Hannah Höch. Indian Dancer: From an Ethnographic Museum (Indische Tänzerin: Aus einem ethnographischen Museum). 1930. Cut-and-pasted printed paper and metallic foil on paper, 10 1/8 × 8 7/8" (25.7 × 22.4 cm). Frances Keech Fund

“Most of our male colleagues continued for a long while to look upon us as charming and gifted amateurs, denying us implicitly any real professional status.”

Hannah Höch

Known for her incisively political collages and photomontages (a form she helped pioneer), Hannah Höch appropriated and recombined images and text from mass media to critique popular culture, the failings of the Weimar Republic, and the socially constructed roles of women. After meeting artist and writer Raoul Hausmann in 1917, Höch became associated with the Berlin Dada group, a circle of mostly male artists who satirized and critiqued German culture and society following World War I. She exhibited in their exhibitions, including the First International Dada Fair in Berlin in 1920, and her photomontages received critical acclaim despite the patronizing views of her male peers. She reflected, “Most of our male colleagues continued for a long while to look upon us as charming and gifted amateurs, denying us implicitly any real professional status.”1

The technical proficiency and symbolic significance of Höch’s compositions refute any notion that she was an “amateur.” She astutely spliced together photographs or photographic reproductions she cut from popular magazines, illustrated journals, and fashion publications, recontextualizing them in a dynamic and layered style. She noted that “there are no limits to the materials available for pictorial collages—above all they can be found in photography, but also in writing and printed matter, even in waste products.”2

Höch explored gender and identity in her work, and in particular she humorously criticized the concept of the “New Woman” in Weimar Germany, a vision of a woman who was purportedly man’s equal. In Indian Dancer: From an Ethnographic Museum she combined images of a Cameroonian mask and the face of silent film star Maria Falconetti, topped with a headdress comprised of kitchen utensils. Höch’s amalgamation of a traditional African mask, an iconic female celebrity, and tools of domesticity references the style of 1920s avant-garde theater and fashion and offers an evocative commentary on feminist symbols of the time.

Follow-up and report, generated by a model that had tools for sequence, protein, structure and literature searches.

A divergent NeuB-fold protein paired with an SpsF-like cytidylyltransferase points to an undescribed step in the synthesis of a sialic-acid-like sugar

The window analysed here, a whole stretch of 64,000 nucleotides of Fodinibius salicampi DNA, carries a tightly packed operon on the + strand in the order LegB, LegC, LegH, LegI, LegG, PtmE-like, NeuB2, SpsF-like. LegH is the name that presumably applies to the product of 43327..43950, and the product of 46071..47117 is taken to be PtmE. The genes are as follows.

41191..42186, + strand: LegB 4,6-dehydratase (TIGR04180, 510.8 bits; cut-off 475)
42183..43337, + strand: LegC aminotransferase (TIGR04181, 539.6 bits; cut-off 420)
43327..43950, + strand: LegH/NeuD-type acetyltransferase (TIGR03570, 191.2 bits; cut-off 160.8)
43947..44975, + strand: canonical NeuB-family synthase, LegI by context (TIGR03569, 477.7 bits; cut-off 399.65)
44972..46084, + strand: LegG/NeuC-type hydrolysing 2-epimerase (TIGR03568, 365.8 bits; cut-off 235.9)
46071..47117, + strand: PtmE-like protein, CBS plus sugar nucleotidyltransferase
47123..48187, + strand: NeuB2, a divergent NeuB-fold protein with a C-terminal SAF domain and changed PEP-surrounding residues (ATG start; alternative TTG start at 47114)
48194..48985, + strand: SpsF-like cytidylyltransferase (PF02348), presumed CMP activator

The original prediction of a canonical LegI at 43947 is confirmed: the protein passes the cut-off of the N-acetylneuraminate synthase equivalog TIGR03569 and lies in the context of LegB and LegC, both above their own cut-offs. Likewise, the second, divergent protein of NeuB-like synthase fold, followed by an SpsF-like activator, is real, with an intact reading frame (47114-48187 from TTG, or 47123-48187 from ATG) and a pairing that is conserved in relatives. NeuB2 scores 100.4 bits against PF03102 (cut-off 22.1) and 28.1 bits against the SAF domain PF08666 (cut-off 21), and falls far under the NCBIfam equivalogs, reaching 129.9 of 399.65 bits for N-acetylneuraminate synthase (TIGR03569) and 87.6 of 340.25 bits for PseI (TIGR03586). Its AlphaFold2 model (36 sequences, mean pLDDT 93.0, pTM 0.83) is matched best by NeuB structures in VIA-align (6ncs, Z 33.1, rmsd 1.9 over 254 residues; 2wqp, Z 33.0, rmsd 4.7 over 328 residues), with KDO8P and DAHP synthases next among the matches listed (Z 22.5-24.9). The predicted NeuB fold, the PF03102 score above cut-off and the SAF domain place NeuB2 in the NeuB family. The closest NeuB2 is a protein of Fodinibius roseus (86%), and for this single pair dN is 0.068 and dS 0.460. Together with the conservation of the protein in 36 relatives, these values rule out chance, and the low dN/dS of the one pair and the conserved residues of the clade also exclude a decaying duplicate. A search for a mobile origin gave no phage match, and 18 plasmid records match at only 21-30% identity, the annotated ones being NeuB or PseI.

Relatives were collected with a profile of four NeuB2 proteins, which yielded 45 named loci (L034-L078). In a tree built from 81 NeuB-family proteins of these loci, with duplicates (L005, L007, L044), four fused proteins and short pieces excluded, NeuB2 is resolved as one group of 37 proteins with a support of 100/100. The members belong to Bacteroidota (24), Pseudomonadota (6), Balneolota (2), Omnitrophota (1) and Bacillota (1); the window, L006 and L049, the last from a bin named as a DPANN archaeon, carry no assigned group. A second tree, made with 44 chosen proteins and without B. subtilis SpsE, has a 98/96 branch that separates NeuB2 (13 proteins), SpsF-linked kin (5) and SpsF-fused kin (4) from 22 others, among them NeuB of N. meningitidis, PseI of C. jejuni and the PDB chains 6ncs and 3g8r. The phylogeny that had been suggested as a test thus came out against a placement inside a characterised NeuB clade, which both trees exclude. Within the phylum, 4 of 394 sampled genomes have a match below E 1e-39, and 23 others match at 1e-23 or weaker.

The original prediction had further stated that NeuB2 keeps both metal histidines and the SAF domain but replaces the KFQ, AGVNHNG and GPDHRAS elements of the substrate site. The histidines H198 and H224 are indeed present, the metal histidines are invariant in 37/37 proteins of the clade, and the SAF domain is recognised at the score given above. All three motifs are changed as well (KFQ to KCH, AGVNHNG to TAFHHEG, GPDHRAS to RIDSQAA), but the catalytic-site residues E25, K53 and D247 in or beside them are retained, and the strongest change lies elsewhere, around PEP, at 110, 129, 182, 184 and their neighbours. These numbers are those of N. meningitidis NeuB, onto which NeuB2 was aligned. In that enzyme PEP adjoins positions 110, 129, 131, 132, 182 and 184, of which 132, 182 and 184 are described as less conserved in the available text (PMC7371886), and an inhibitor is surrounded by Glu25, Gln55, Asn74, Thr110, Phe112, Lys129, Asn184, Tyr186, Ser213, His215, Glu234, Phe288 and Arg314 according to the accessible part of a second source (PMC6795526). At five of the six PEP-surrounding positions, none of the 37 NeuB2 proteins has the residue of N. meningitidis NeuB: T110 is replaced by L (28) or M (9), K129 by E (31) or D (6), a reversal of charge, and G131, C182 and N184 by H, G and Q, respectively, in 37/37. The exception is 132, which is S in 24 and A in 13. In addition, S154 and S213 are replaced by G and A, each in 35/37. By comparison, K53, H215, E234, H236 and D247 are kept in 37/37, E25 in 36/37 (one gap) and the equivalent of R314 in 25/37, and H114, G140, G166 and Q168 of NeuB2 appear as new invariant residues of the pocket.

Although the Berlin Dada group fractured in the early 1920s, Höch continued to create socially critical work. She was banned from exhibiting during the Nazi regime, but she remained in Germany during World War II, retreating to a house outside Berlin where she continued to make work. In 1945, after the end of the war, she began exhibiting again. Before her death in 1978, her significant contribution to the German avant-garde was recognized through retrospectives of her work in Paris and Berlin in 1976.

Höch’s bold collisions and combinations of fragments of widely circulated images connected her work to the world and captured the rebellious, critical spirit of the interwar period, which felt to many like a new age. Through her radical experimentations, she developed an essential artistic language of the avant-garde that reverberates to this day.

Heidi Hirschl Orley, Curatorial Expansion Project Manager

  1. Hannah Höch in Edouard Roditi, "Interview with Hannah Höch," Arts Magazine 34, no. 3 (Dec. 1959): 29.

  2. Hannah Höch, “On Collage,” in Hannah Höch, ed. Dawn Ades, Daniel F. Herrmann (London: Whitechapel Gallery, 2014).

Wikipedia entry
Hannah Höch (German: [hœç]; 1 November 1889 – 31 May 1978) was a German Dada artist. She is best known for her work of the Weimar period, when she was one of the originators of photomontage. Photomontage, or fotomontage, is a type of collage in which the pasted items are actual photographs, or photographic reproductions pulled from the press and other widely produced media. Höch's work was intended to dismantle the fable and dichotomy that existed in the concept of the "New Woman": an energetic, professional, and androgynous woman, who is ready to take her place as man's equal. Her interest in the topic was in how the dichotomy was structured, as well as in who structures social roles. Other key themes in Höch's works were androgyny, political discourse, and shifting gender roles. These themes all interacted to create a feminist discourse surrounding Höch's works, which encouraged the liberation and agency of women during the Weimar Republic (1919–1933) and continuing through to today.
Information from Wikipedia, made available under the Creative Commons Attribution-ShareAlike License
Getty record
Artist, Publicist, Collagist, Painter, Photographer, Photomontagist, Sculptor
Hannah Höch, Hannah Hoch, Hannah Johanne Höch, Anna Höch, Johanne Höch, Hannah Hoech
Information from Getty’s Union List of Artist Names ® (ULAN), made available under the ODC Attribution License


12 works online



  • Engineer, Agitator, Constructor: The Artist Reinvented, 1918–1939. The Merrill C. Berman Collection at MoMA Exhibition catalogue, Hardcover, 288 pages
  • MoMA Highlights: 375 Works from The Museum of Modern Art Flexibound, 408 pages
  • MoMA Now: Highlights from The Museum of Modern Art—Ninetieth Anniversary Edition Hardcover, 424 pages
  • Photography at MoMA: 1920 to 1960 Hardcover, 416 pages
  • The Original Copy: Photography of Sculpture, 1839 to Today Exhibition catalogue, Hardcover, 256 pages

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